Turning to the issue of clericalism, the Pope said he considered it the outcome of “a mistaken way of living out the ecclesiology proposed by the Second Vatican Council” and described clericalism as “one of the greatest distortions affecting the Church in Latin America.”  He said clericalism has many negative impacts such as wiping out the personality of Christians and causing a belittling of the grace of our baptism that the Holy Spirit has placed in the hearts of lay people. Clericalism, he reminded, “forgets that the visibility and the sacramentality of the Church belong to all the people of God and not just to an illuminated and elected few.”

On the positive side, Pope Francis noted that Latin America is characterized by many examples of popular ministry and piety, saying it is one of the few spaces where the laity (including their pastors) and the Holy Spirit have been able to come together without clericalism which he said “seeks to control and put a brake on this anointment by God of the faithful.” He warned that this popular ministry “has its limits” and can sometimes lead to distortions of religion but said if it is "steered properly" it can generate many excellent human values such as generosity, devotion, sacrifice and openness to others.

Pope Francis spoke of the importance of giving encouragement and support to the efforts of the lay faithful who work in the public sphere but at the same time stressed “it is not the job of the pastor to tell the lay people what they must do and say” in those situations, adding “they know more and better than us.” “It’s illogical and even impossible,” he continued, “for us as pastors to believe that we have the monopoly on solutions for the numerous challenges thrown up by contemporary life.”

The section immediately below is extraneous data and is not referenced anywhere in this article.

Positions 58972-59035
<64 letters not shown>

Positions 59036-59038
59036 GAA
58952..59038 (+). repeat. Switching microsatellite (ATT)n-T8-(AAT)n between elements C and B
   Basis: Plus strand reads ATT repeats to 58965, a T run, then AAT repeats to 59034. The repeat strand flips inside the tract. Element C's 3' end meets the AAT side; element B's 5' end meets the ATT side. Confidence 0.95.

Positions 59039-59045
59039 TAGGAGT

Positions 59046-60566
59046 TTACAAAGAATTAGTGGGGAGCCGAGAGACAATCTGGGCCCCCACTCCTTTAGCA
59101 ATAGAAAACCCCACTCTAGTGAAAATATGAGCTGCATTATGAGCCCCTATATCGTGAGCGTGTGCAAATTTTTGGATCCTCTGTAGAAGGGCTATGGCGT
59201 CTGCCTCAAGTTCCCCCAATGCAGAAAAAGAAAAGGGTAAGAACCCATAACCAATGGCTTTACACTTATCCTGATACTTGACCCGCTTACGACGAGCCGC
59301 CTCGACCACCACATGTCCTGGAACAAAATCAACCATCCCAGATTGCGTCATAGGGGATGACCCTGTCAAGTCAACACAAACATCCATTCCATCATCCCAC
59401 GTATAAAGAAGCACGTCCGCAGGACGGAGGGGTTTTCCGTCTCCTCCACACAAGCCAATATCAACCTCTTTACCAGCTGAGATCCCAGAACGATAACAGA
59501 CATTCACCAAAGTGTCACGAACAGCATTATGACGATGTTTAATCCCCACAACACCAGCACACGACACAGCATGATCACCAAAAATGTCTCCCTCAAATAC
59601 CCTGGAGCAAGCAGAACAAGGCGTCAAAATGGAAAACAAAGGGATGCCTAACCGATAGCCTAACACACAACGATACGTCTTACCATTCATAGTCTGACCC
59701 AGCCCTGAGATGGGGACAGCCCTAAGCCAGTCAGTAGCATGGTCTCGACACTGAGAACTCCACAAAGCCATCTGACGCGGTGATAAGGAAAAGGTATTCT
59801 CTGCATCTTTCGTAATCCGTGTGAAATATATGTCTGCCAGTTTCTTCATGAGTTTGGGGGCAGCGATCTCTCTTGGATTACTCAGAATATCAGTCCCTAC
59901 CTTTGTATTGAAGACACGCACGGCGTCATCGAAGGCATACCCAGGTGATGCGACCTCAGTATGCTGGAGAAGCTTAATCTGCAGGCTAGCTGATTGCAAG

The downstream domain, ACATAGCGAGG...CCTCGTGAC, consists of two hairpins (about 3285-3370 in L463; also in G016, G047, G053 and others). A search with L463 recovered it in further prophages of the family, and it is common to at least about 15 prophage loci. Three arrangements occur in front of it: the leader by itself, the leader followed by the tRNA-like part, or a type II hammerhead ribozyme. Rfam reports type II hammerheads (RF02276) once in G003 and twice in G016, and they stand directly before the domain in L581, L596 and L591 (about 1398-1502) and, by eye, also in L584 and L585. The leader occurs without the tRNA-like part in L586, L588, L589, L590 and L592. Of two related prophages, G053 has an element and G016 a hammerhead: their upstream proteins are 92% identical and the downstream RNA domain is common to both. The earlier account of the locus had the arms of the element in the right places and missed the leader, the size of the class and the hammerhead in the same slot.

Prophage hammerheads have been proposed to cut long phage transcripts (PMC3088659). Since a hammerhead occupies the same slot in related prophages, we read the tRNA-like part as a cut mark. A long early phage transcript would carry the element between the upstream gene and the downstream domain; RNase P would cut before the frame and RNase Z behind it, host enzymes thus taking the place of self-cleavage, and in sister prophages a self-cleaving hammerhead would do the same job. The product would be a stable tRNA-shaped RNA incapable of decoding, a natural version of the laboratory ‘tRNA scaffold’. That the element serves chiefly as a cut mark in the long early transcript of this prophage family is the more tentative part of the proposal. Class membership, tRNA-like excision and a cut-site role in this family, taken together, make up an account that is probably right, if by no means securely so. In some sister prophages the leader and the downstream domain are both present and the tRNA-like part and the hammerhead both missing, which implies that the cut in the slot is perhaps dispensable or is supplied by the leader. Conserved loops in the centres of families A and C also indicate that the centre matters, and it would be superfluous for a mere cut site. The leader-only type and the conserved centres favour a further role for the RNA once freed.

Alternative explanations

In conclusion, the Pope reiterated that the lay faithful are the protagonists of the Church and the world and stressed that “we are called to serve them, not to make use of them.”

Thursday, April 21, 2016

The journalist and the bishops: CNS editor fired for tweeting opposition to LGBT discrimination

Patricia Miller
Religion Dispatches
April 21, 2016

If anyone needed more evidence of just how cynical the U.S. Catholic bishops’ manipulation of the principle of “religious freedom” is, look no further than last week’s dismissal of Tony Spence, the editor in chief of Catholic News Service, for tweeting his opposition to bills that would codify LGBT discrimination.

The U.S. Conference of Catholic Bishops built its “religious liberty” campaign, which was largely responsible for creating the broad, corrupted definition of religious liberty that has resulted in a wave of anti-LGBT bills across the country, around the idea that religious liberty is the “first, most cherished liberty”—and that to deny it is a violation of core American values:

Freedom is not only for Americans, but we think of it as something of our special inheritance, fought for at a great price, and a heritage to be guarded now. We are stewards of this gift, not only for ourselves but for all nations and peoples who yearn to be free. Catholics in America have discharged this duty of guarding freedom admirably for many generations.

Even as the Catholic hierarchy bewails the lack of respect for “religious freedom,” they demanded that Spence resign for daring to publicly oppose anti-LGBT legislation that the bishops back under the “religious freedom” rubric.

In March, Spence tweeted “LGBT protections get flushed as NC governor signs bill over #bathroomwars,” in response to the controversial North Carolina law that would require transgender individuals to use bathrooms corresponding to the gender on their birth certificate. He also tweeted his opposition to a proposed law in Tennesse, calling it “stupid,” and tweeted an article noting that “religious liberty has replaced gay marriage in GOP talking points, fooling no one.”